How to Achieve Financial Success with a Criminal Record

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A staggering 25% of Americans have a mark on their background check that is preventing them from being gainfully employed. In fact, for those with a criminal record, finding any kind of work has become next to impossible.

We’re not talking about murderers or bank robbers, either. Naturally, those more serious offenders are busy spending many years in prison. Meanwhile, one in four Americans is dealing with a criminal record from many years ago – sometimes even decades. These dings on their background checks were often petty crimes that took place when they were young and immature. Many who are affected by their past crime(s) say they haven’t been in trouble with the law since, having learned their lesson and lived a clean and honest life after a run-in with the the police. Regardless, they are still repeatedly turned away from job openings, have lost their homes, and many can’t even rent an apartment.

New Jersey, along with many other states, have recently passed legislation that prohibits employers from asking potential employees up-front about their criminal history. This Ban the Box law is aimed at reducing discrimination against applicants based on the fact that they have a criminal record. Employers are still allowed to inquire about criminal history, but only after the initial application and interview stage has passed. Even with the Ban the Box law in place, many employers will simply drop an applicant the second they find out that they have a criminal record.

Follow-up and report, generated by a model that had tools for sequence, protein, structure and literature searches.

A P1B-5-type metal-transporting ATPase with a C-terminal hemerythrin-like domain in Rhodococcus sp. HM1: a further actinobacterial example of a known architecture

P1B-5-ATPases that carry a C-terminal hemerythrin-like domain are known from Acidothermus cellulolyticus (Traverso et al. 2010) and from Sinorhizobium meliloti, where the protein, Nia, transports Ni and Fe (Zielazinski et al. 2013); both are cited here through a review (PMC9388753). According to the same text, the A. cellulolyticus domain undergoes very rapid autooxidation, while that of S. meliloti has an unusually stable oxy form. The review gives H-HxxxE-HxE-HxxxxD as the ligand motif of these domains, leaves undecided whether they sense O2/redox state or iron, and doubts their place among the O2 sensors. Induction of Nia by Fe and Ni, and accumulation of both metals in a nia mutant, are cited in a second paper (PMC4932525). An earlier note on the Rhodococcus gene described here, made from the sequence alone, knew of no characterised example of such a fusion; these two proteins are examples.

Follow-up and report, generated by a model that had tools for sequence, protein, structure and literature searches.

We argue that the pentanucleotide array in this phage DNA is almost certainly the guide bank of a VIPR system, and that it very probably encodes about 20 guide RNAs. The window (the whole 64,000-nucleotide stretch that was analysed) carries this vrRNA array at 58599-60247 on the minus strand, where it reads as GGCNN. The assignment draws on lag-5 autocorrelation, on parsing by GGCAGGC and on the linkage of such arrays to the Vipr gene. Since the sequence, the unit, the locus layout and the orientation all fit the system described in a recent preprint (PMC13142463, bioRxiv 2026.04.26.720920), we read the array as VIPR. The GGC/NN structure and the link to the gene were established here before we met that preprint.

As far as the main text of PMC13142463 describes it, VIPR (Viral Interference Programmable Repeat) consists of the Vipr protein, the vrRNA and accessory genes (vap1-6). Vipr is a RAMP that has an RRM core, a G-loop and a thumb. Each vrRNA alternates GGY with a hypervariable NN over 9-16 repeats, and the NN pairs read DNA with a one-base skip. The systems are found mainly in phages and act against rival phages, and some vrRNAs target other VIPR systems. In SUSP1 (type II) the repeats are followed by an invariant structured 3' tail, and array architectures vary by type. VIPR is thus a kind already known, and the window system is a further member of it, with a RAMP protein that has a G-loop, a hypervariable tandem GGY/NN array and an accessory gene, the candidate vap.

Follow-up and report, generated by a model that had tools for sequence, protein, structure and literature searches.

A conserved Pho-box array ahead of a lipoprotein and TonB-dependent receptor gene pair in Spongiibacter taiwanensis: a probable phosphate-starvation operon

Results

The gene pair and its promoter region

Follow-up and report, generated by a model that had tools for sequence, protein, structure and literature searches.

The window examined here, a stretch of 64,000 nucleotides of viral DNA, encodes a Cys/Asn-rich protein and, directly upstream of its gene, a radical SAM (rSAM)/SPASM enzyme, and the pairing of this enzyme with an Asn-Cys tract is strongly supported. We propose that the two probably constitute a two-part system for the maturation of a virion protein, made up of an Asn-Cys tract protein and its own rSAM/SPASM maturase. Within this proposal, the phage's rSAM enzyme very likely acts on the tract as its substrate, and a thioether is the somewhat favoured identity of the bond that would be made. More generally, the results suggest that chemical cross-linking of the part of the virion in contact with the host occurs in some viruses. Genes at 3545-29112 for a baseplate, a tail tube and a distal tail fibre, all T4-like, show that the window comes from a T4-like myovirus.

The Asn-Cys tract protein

What is a person to do if they’re dealing with an event from their past that they can’t seem to get out from under?

If the crime took place a long time ago and the applicant has maintained a clean criminal history since, it might be best for them to be up front about the event with potential employers. This is especially true if the crime was relatively minor, and most importantly, non-violent.

A good example of this is a man who fell behind on child support payments due to a cost of living increase. He was not made aware of the increase and was subsequently arrested. Upon arrival at his front door, the officers attempted to detain him, but the man had no idea what he had done wrong so he resisted. Now he is dealing with a count of Resisting Arrest on his criminal record. Employers who hear the whole story will be more inclined to understand rather than discriminate.

For those who still struggle to get work even when taking the honest approach, try applying at a temporary work agency. It may not be your ideal job, and it may not provide work every day, but it’s a step in the right direction. It’s important to get some work history under your belt after the date of the criminal event so that when you do apply for a steady job, employers can call your reference person (your temp agency coordinator or someone you worked for through the agency) to find out that you’re a hard worker who stays out of trouble these days.

If your financial situation has become dire due to being unable to find work, you might benefit from filing for NJ bankruptcy. This can give you a fresh start by eradicating your debts so that when you do finally land the right job, you’ll already be on the path to financial success.

 

Image credit: Jobs for Felons